Wednesday, May 9th: The Chapel in San Francisco (doors 7pm – show 8pm)
“Scott Law & Ross James’ Cosmic Twang”
Featuring Dave Schools (Widespread Panic) and Neal Casal (Chris Robinson, Circles Around The Sun) plus Alex Koford (Phil Lesh) and special guests.
Mad Alchemy Liquid Light Show.
Also catch Scott Law at his residency at Terrapin Crossroads one week a month!
ER: We’d love to have you full-time in the Bay Area, but I know right now you’re living in Portland and gracing the Terrapin Crossroads stage in 8-day stints. What’s that like for you?
SL: To tell the truth, this is part of what’s amazing about my path these days and how grateful I am at this point to have an anchor in two of the sweetest places to dwell on planet earth — Portland, Oregon and Lagunitas, California! I’ve been a traveler since the beginning and especially since playing music for a living; it’s the job part. I’m a native Californian so I feel super at home during the stretches I get to be here, plus I am learning a ton and meeting amazing people.
The monthly, week-long+ residency at Terrapin Crossroads that commenced in February 2014 has been a transformative experience on many levels. Sometimes I end up here for half the month, tho’ it is billed as “Scott Law Week.” This (Grateful Dead) adventure continues to put me in touch with some deeper aspects of what I’m attempting to understand musically… and in life. People need community and vision right now more than ever and a good deal of music energy resonates with origin point Marin County and Terrapin Crossroads for me at this moment.
The ability to perform with a sprawling multi-generational roster and so many heroic figures in a supportive, efficient environment (great sound, daily gigs) is a huge encouragement and a windfall to artistic development. This has been my experience here. A typical TXR residency week features different lineups and setlists on each show with barely (if) any repeats over the course of a week plus. I recall a run with lots of extra happy hours where I clocked in 248 different songs! The chance to develop new original material in a live context with some regularity is also a cherished thing.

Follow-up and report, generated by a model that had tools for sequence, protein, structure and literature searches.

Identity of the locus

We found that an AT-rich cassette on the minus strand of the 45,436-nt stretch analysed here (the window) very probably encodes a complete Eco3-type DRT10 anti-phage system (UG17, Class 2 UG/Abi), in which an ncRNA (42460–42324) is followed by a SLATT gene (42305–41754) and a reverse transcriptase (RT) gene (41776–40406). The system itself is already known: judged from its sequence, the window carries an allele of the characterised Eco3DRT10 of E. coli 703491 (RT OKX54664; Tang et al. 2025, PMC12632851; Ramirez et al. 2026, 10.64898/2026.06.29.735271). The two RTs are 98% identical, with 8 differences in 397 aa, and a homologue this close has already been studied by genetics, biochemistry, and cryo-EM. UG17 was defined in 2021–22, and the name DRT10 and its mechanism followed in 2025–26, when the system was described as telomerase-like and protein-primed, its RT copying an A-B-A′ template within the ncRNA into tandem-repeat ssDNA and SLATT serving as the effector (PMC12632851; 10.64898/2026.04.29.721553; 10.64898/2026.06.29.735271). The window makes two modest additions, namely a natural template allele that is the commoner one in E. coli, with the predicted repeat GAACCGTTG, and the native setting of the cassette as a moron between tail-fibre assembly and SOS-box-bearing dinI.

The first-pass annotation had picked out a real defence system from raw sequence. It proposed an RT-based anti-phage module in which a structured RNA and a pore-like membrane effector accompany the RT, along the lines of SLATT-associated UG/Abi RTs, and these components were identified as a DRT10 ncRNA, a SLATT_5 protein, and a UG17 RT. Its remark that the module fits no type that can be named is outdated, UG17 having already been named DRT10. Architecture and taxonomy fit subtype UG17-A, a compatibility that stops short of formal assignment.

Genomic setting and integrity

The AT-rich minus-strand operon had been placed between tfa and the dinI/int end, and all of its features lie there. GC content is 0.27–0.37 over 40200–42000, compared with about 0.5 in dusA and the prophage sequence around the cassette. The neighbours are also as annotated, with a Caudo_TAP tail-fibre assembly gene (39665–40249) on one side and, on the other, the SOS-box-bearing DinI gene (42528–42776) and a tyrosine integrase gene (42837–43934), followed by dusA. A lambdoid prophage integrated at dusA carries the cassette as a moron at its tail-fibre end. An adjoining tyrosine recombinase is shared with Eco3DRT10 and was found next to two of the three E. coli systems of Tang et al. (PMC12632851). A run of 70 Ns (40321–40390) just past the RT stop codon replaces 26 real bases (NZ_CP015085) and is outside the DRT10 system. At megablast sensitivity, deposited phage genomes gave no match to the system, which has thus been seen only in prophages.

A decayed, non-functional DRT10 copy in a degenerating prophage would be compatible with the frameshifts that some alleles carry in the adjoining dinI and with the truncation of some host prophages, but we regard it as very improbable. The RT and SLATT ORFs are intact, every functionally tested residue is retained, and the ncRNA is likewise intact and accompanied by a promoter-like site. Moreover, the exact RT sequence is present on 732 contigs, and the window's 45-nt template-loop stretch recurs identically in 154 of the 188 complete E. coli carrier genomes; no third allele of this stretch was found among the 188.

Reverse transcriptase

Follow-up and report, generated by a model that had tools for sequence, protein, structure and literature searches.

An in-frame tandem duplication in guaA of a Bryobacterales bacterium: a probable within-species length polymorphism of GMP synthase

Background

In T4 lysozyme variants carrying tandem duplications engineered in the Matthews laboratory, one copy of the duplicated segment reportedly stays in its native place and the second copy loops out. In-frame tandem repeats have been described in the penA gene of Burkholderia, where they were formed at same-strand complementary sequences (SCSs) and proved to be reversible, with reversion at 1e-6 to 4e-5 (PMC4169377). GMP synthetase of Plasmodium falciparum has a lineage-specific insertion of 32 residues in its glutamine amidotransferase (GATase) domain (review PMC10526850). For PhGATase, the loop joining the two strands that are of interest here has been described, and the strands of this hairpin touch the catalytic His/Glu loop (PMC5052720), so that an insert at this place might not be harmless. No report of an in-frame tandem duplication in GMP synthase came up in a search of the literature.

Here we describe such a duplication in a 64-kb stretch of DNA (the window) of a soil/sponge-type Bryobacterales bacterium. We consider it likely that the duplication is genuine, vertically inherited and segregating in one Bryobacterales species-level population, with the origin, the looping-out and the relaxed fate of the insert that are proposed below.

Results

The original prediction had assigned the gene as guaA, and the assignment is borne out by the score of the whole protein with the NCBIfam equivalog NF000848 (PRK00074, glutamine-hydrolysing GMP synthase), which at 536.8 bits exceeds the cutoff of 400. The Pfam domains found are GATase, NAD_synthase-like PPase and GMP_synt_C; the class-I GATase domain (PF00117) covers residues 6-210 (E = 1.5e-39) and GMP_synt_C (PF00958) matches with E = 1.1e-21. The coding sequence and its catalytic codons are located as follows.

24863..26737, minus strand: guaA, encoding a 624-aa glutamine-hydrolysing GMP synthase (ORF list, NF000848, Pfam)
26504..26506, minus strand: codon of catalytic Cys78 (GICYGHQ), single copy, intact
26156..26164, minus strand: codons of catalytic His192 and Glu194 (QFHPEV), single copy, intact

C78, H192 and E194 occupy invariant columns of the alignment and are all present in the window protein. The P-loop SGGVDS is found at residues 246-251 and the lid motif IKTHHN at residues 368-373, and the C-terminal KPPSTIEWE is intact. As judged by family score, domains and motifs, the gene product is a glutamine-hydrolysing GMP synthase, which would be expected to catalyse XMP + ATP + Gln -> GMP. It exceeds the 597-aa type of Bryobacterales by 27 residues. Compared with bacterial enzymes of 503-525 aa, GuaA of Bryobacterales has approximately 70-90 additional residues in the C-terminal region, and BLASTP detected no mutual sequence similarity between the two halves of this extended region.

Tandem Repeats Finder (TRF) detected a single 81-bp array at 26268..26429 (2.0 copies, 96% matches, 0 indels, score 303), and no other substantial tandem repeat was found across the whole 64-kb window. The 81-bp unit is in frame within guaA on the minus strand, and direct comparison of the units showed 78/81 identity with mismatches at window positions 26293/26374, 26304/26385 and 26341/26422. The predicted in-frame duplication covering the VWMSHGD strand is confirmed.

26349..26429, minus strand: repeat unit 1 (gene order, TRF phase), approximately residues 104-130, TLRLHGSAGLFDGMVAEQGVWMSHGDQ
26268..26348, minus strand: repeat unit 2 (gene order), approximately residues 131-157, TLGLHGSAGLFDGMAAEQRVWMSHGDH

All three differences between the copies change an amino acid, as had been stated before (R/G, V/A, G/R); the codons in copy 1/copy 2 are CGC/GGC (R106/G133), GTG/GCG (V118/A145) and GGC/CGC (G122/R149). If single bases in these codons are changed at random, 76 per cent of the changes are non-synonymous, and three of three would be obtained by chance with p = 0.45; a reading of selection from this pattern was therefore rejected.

ER: Acoustic Guitar magazine called you an “esteemed flatpicker,” and fans in Portland and the Bay Area, as well as around the world, know and love you for your intricate talent on mandolin and guitar. How did you develop your style?
SL: Seems to me like I’ve taken the long road, but I work on it all the time. Thoughts about music occupy most of my waking hours and have since I was very young – even before I settled on the guitar.
Listening is the key… being sensitive to what’s going on and digging back into the musical history. Trying to get where the instrument becomes more an extension of thought and feeling has been my goal from the start. The emotional conveyance is real — you can tune in on levels that are tangible yet invisible. That feels like something. Now I’m kinda more after that than anything.
ER: You founded Scott Law Music in 1999. Can you tell us more about it?
SL: I had just returned to Seattle from an introspective 20-week backpacking trip to Nepal, India and Thailand and decided to organize the concept of my endeavors as both an independent artist and freelance musician.